A World Without Waits or Waste
Re: "Patients Waiting: Wasteful to Some, Valuable to Others" by Marty Stempniak in H&HN Daily, Oct. 7
All waiting is a waste. Period. Some waits are simply more tolerable than others but, in the end, it is a nonvalue process step — and there, it is waste. Every minute a customer is actively in the system pursuing some sort of treatment or care should be a value-add to their experience and outcome.
Moving a person to a different room to wait for the next process step is nothing more than putting the waste on a conveyor belt to the next phase. I wonder, if these rooms were called waste rooms [whether] we would be so willing to accept this norm. Using these times as an opportunity to parallel process is a great step toward accomplishing the goal of "every minute is value-add." The example of teaching is a great one, as long as the materials are necessary and valuable to the patient. Simply playing a smoking cessation video on the TV in the waiting room that isn't relevant for the nonsmokers in the room adds no more value than continuously playing the "Airplane!" movie. It may be entertaining and distracting, but, ultimately, it's a waste of time for the patient.
Imagine a health care world without waste. What could be accomplished with the square footage currently dedicated to this nonactivity?
— Linda S. Gaul, R.N., CCS
Senior clinical data outcomes coordinator
Navion Healthcare Solutions
Behind the Curve
Re: "Capital Planning in the Next Health Care" by Joe Flower in H&HN Daily, Sept. 24
The dramatic shift from an illness-driven model to a wellness-promoting model is well-articulated in your article. However, I was left somewhat baffled by the last patient population you discussed: those who have high deductibles (who will behave as uninsured) and uninsured persons. I think you are underestimating this segment of the population that is going to make a connection with health care organizations when they are well into the disease process. Many of these individuals may also lack the technological infrastructure and/or basic living conditions in their homes/communities to support the level of in-home care described. Finally, I am always amazed that those of us in the health care industry see these dramatic (understated) changes in delivery systems very clearly. Unfortunately, the consuming public has a HUGE learning curve and a set of expectations that will not [have changed] on Oct. 1, 2013. What are we going to do to address this oncoming locomotive?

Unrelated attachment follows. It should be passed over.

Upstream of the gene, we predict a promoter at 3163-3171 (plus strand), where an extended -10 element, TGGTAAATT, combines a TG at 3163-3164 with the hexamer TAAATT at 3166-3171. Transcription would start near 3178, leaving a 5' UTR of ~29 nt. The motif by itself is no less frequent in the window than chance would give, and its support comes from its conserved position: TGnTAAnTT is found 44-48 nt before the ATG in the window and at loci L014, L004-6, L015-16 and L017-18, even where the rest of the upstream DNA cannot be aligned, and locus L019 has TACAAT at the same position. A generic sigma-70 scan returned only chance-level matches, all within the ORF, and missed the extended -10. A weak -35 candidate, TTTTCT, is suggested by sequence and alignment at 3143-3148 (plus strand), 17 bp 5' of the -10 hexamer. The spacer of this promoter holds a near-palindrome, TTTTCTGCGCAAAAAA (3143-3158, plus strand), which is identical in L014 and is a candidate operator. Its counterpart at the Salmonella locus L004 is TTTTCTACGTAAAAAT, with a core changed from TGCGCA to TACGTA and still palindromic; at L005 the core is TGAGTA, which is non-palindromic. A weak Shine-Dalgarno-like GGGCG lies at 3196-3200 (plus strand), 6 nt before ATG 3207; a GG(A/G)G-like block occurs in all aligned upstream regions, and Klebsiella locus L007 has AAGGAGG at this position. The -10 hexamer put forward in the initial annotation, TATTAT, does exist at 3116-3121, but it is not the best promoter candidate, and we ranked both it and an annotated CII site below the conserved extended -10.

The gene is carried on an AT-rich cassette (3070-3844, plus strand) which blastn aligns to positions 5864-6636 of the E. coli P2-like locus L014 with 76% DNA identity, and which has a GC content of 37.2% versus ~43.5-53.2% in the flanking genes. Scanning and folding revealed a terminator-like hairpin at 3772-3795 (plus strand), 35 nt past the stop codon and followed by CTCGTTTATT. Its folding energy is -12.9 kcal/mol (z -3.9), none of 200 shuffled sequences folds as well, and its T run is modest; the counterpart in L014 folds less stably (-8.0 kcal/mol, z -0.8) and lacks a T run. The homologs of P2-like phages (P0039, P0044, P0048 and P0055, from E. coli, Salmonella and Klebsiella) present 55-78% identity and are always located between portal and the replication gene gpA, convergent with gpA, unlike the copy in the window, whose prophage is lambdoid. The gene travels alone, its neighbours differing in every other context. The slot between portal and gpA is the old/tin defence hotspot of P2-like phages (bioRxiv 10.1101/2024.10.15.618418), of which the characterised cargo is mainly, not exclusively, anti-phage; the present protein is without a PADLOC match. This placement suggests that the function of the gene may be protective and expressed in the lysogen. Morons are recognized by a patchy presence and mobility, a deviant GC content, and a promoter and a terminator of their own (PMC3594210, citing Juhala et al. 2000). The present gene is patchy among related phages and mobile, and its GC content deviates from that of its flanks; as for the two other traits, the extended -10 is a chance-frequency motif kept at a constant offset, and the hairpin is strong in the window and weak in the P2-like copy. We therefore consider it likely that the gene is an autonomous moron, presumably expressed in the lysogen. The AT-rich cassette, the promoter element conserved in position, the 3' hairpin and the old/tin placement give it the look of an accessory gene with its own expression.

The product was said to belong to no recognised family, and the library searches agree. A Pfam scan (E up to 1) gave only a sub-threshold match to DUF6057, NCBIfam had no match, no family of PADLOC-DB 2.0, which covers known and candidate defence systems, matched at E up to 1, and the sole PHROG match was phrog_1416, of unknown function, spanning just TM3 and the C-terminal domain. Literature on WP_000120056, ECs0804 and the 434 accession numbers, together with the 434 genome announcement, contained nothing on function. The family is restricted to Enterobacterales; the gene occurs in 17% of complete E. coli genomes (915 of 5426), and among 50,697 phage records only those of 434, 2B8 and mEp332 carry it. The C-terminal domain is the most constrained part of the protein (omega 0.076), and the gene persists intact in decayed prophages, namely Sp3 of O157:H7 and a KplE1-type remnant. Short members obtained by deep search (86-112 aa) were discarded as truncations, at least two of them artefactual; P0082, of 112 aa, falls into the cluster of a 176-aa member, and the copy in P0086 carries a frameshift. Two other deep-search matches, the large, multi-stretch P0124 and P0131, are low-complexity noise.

— Tim Bevelacqua
Re: "Jenny McCarthy Could Help Save Health Care by Fighting Overuse of Antibiotics" by Paul Barr in H&HN Daily, Sept. 25
The issue of overprescribing or inappropriate prescribing of antibiotic therapy is well in the past, but, unfortunately, the damage has been done. The public needs education on the importance of completing antibiotic therapy as prescribed in its entirety in relation to the issue of antibiotic-resistant infectious agents.
What really needs public awareness is the importance of healthy living and preventive measures [related to] junk food and fast food, inactivity related to the development of obesity in all generations and especially relative to the development of diabetes, heart and kidney disease — the metabolic syndrome.
— Jeanine Ostrowski
Someplace to Heal
Re: "N.J. System Promoting Arts for Better Health" by Paul Barr in H&HN Daily, Oct. 9
One of our hospitals has a wonderful program called "Art for Healing." It is not a class to teach art; rather, it is a place where individuals come to express themselves through art. Art for Healing provides patients, families and community members an opportunity to experience the healing benefits that may come from creative expression. The center is also open to those who just want to come into a quiet and reflective space to read, pray or have a quiet conversation with others. In FY 2013, the program had 3,549 participants. Of those participants, 590 were hospital patients.
— Eileen Barsi